Selloffs can be sudden and scary, especially when they seem to come from out of the blue. Such has been the case with the bout of volatility in global equity markets that followed Argentina’s surprise devaluation of its currency, combined with longer-term investor worries about China’s growth and the impact of a shift in US monetary policy.
Cindy Sweeting, director of portfolio management, Templeton Global Equity Group, has a keen eye on these and other global macroeconomic events, but she and her team remain focused on uncovering individual equity opportunities no matter what the market cycle. She believes a selective approach to investing in emerging markets in particular will be crucial in the year ahead.
It is clear that the emerging markets had a generally rough time in 2013, and that bearish mood continued into the first month of 2014. The underperformance of emerging market equities versus those in the developed world last year was actually the worst since the Asian Financial Crisis in 1998.
In our view, the main issues affecting emerging markets are three-fold. First, the US Federal Reserve’s (Fed) pulling back or “tapering” of its asset purchase program known as Quantitative Easing (QE) has been elevating financing costs and spurring some capital outflows. Second, there’s a fear of a slowing in China’s growth rate. And third, the rapid credit expansion in several emerging markets has posed some risks to financial stability.
Of these, probably the most attention has been focused on the uncertainties surrounding Fed policy, but in our view, local risks in individual markets could be just as important.
Unearthing Emerging Market Bargains
The relatively good news is that the emerging markets don’t appear to be getting hit indiscriminately at this stage. Those faring the worst have had a higher dependency on foreign financing, and within this most vulnerable group, those with large current account deficits are bearing the brunt of recent selling pressure.
As such, we see a fair degree of divergence in performance. Some economies are more vulnerable than others. In our view, the recent underperformance of emerging market equities probably reflects mainly a growing realization that the slowdown in the largest emerging economies—China, Brazil and India—is as much structural as it is cyclical.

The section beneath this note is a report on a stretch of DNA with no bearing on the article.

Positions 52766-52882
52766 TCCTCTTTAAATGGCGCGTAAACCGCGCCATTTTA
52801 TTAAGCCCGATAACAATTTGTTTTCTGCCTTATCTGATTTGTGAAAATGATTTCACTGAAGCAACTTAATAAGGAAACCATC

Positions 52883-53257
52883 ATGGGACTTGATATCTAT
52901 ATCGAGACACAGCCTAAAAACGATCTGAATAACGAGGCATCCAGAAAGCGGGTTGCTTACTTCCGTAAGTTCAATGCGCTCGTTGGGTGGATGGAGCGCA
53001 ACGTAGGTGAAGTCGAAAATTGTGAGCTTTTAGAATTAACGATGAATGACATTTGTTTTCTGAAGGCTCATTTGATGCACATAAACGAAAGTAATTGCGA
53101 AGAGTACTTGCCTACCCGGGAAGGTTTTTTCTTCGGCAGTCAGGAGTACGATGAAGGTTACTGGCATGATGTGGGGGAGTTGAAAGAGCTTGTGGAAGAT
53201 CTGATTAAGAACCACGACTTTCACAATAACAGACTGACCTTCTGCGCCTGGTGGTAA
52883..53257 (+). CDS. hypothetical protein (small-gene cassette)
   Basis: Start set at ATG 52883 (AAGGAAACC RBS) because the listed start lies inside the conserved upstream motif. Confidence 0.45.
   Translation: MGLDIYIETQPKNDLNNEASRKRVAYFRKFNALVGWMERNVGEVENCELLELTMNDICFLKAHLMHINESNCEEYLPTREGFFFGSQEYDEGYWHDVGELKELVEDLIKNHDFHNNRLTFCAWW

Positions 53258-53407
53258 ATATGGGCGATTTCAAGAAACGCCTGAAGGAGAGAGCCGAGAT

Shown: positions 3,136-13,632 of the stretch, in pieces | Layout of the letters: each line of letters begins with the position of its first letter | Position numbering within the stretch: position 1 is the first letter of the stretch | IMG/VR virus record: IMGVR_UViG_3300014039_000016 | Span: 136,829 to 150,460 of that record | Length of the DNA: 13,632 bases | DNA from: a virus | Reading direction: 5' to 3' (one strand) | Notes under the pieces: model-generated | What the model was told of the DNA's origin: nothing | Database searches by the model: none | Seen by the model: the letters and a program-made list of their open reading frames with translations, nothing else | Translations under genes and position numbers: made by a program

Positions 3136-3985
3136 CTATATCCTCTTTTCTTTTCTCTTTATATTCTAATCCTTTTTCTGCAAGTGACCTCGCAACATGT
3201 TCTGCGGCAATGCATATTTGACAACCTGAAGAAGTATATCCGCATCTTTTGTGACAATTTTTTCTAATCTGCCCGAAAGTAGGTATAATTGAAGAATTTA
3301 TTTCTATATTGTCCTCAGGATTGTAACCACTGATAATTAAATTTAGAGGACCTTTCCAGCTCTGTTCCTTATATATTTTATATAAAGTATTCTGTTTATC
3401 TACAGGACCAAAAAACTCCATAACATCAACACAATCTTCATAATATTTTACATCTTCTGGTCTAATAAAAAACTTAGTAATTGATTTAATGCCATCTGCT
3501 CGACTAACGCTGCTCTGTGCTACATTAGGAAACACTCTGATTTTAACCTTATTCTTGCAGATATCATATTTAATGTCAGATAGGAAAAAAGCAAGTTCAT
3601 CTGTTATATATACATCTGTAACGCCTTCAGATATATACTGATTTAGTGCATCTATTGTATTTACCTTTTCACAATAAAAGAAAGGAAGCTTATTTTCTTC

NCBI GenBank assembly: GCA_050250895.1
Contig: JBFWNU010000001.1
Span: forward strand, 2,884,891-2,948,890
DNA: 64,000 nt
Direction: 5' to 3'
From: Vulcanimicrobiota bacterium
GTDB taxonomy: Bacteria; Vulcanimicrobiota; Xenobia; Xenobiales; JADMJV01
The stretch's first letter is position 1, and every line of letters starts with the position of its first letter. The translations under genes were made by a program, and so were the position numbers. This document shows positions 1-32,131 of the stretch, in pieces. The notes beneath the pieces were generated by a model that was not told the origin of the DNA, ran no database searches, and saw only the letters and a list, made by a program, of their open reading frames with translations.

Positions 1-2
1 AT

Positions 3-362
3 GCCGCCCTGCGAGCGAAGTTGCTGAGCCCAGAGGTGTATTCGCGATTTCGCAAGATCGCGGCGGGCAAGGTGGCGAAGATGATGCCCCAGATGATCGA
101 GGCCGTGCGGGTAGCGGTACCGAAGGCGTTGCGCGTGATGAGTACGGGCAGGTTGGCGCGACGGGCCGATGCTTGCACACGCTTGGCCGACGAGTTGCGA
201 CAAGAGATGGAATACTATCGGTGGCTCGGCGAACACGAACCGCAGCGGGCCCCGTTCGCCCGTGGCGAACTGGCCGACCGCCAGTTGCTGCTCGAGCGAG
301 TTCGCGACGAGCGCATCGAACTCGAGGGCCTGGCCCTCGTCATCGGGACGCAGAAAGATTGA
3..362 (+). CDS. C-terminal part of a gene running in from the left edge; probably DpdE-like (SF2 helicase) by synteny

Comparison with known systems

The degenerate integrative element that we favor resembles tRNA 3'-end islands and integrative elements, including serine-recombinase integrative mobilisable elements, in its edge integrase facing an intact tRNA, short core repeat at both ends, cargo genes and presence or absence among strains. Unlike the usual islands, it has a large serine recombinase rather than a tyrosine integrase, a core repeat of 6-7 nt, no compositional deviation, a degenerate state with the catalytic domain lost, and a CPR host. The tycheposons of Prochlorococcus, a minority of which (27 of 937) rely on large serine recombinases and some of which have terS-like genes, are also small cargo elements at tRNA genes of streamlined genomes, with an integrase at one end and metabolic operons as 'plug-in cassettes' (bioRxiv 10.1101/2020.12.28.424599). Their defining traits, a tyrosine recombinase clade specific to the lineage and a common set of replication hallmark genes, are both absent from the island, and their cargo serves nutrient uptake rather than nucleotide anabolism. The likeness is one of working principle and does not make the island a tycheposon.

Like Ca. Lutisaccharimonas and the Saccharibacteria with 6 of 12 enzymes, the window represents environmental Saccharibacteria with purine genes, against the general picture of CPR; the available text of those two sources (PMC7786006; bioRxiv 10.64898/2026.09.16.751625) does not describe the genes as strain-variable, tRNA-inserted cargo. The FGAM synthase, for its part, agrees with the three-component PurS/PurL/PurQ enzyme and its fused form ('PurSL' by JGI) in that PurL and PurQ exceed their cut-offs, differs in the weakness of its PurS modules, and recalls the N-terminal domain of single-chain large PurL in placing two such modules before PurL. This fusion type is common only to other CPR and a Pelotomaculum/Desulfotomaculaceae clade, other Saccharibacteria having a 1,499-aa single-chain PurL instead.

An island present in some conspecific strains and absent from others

A number of emerging markets are looking pretty attractive to us right now versus their 10-year averages. However, we think absolute price-to-earnings ratios (PEs) are not as attractive. It is important to remember that many of the tailwinds of the last decade, including very strong earnings and economic growth, have receded, and headwinds are rising. So while PEs may seem low, earnings in general are still near peak levels and forward estimates may be too high, per our estimates.
South Korea: Significant Strides Forward
Our analysis is indicating that, in general, emerging markets are not excessively undervalued, so bottom-up analysis when it comes to individual stock selection is critical. For example, South Korea has been a good hunting ground for us in terms of unearthing bargains at the stock level. South Korea’s export competitiveness was undercut by yen weakness in 2013, but reduced competition between Korean and Japanese exports since 2008 has been an offset. We’ve seen a number of South Korean companies overshadow their Asian peers, including those in Japan. For example, South Korean auto firms are more sensitive to currency fluctuations, but they have made strides and now produce significant output overseas. They also target different buyers from Japanese auto makers. South Korean car exports were at a monthly record high in the fourth quarter of 2013, with the US and China being the primary major end-markets.
To its credit, South Korea appears to be focusing on structural economic initiatives rather than trying to weaken its currency to gain a competitive edge. It initiated some deregulation, outlined more financial support for small- and medium-sized enterprises and start-ups, is looking to expand the service sector to rebalance domestic growth, and is working to cultivate new innovations instead of coddling large conglomerates.